Home ImprovementWhose Money to Use
There are many ways to obtain financing for your home improvement project. Here are just a few
(in order of popularity):
Home Equity Loans
These are the most popular loans for home remodeling. They are tied to the equity in your home
and may be tax deductible. Most are available at competitive interest rates.
There are two types of home equity loans: line of credit and lump sum. In a line of credit loan, you
and your lender set a maximum amount of money that you can draw upon during the course of your
project. This allows you the flexibility of withdrawals. You can make your withdrawals as needed, and you
are only obligated to repay the amount of money you withdraw, plus interest. However, be aware that
the interest rates on line of credit loans are frequently pegged to the prime rate and can change any
time prime changes, or even more frequently.
A lump sum or installment loan is a one-time lump sum withdrawal of a set amount, which you repay
in monthly increments usually with a fixed interest rate. The sum is based on the equity you have in
your home. Equity is the value of your home minus the outstanding balance on any mortgages. The amount
of equity required depends on the particular lender program.
WARNING: If you cannot repay a home equity loan, you could end up losing your house.
When you refinance your home, you are in effect obtaining a larger mortgage to pay off your
existing mortgage. The excess funds can be used to finance your home improvements. The big drawback is
that refinancing often costs between 3-5 percent of the loan amount and can take as long as getting
approval for a first mortgage. This type of financing only makes sense if you were already planning to
refinance your home or if you can obtain a much lower interest rate than you are currently paying.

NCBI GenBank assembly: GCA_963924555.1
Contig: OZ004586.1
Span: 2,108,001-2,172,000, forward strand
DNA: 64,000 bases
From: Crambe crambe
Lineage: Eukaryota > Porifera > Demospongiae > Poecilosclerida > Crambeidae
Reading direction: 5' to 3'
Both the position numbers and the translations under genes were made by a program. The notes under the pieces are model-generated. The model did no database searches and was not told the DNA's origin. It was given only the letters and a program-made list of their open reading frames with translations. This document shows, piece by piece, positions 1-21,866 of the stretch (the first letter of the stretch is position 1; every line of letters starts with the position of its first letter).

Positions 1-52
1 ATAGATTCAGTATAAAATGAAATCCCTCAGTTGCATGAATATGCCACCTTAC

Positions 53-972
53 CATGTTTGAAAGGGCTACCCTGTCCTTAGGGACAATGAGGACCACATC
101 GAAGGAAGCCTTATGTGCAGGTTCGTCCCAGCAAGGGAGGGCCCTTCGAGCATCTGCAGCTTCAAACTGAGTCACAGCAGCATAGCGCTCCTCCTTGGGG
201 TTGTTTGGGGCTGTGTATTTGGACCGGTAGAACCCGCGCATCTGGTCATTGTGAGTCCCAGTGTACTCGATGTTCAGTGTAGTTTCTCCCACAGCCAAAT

No Equity Loans
Some lending institutions offers loans to homeowners who do not have sufficient equity in
their homes to get a home equity loan. No equity loans offer a range of benefits and loan amounts and
can work as a consolidation loan to lower your overall debt. The big benefit is that these loans usually
are tax deductible.
The Federal Housing Administration (FHA) began Title I financing
for property improvements under the National Housing Act of 1934. This program
is still available. Loan amounts range from $1-25,000, with no equity required.
FHA loans do require additional paperwork and can take more time to secure.
Loans against securities you own are the next cheapest source
of funds after home equity and no equity loans. With a margin loan, some brokers
will let you borrow up to 50 percent of the value of your stocks and up to
90 percent on U.S. Treasury securities. The interest rates are also competitive.
In addition, you may deduct the interest against investment income (but not
against ordinary earned income).
WARNING: There is a risk attached to
these loans-if your stocks go down in value, you will be called upon to deposit
more money into your account (known as a margin call). If you cannot come
up with the money, you will be forced to sell your stocks when the market
There are many types of personal loans available: debt consolidation;
unsecured lines of credit based on your earning capacity or net worth; and
lines of credit secured by a possession, such as a car or a savings account.
The interest rates for personal loans depend on the borrower's credit and
what is used for collateral. For example, loans using savings accounts as
collateral may be priced as low as 2 percent above the savings/CD rate.
WARNING: Remember that accounts used
as collateral will not be available for other purposes.
Loans from Retirement Plans
You may be able to borrow against a defined-contribution
retirement plan, such as a 401(k) or company profit-sharing plan, depending
on where you work. The availability and terms of these types of loans will
vary from employer to employer. Usually, if a company allows these loans,
you can borrow up to half of your vested balance or $50,000, whichever is
less. You will be required to repay the loan in full within five years or
if you terminate your employment. The interest on these loans is not tax deductible.
WARNING: There are significant IRS restrictions
on these types of loans. If you do not follow the rules and restrictions,
you may be faced with a 10 percent penalty fee, plus income taxes on the money
If you have a whole-life or other cash value insurance policy,
you can borrow against that policy. The death benefit will be reduced by the
amount of the loan. If you die before the loan is repaid, your heirs will
receive the face value of the policy less the outstanding loan balance.
Credit Card Loans
These are as quick and easy as visiting your local bank.
Your credit card will determine the amount of money you can borrow and what
interest rate you will be charged.
WARNING: As easy as this is, it is one
of the most expensive ways to borrow and should only be used if you need money
quickly and plan on repaying the loan just as quickly. The interest rate charged
is usually quite high.
Reprinted with permission of (NARI) the National Association
of the Remodeling Industry.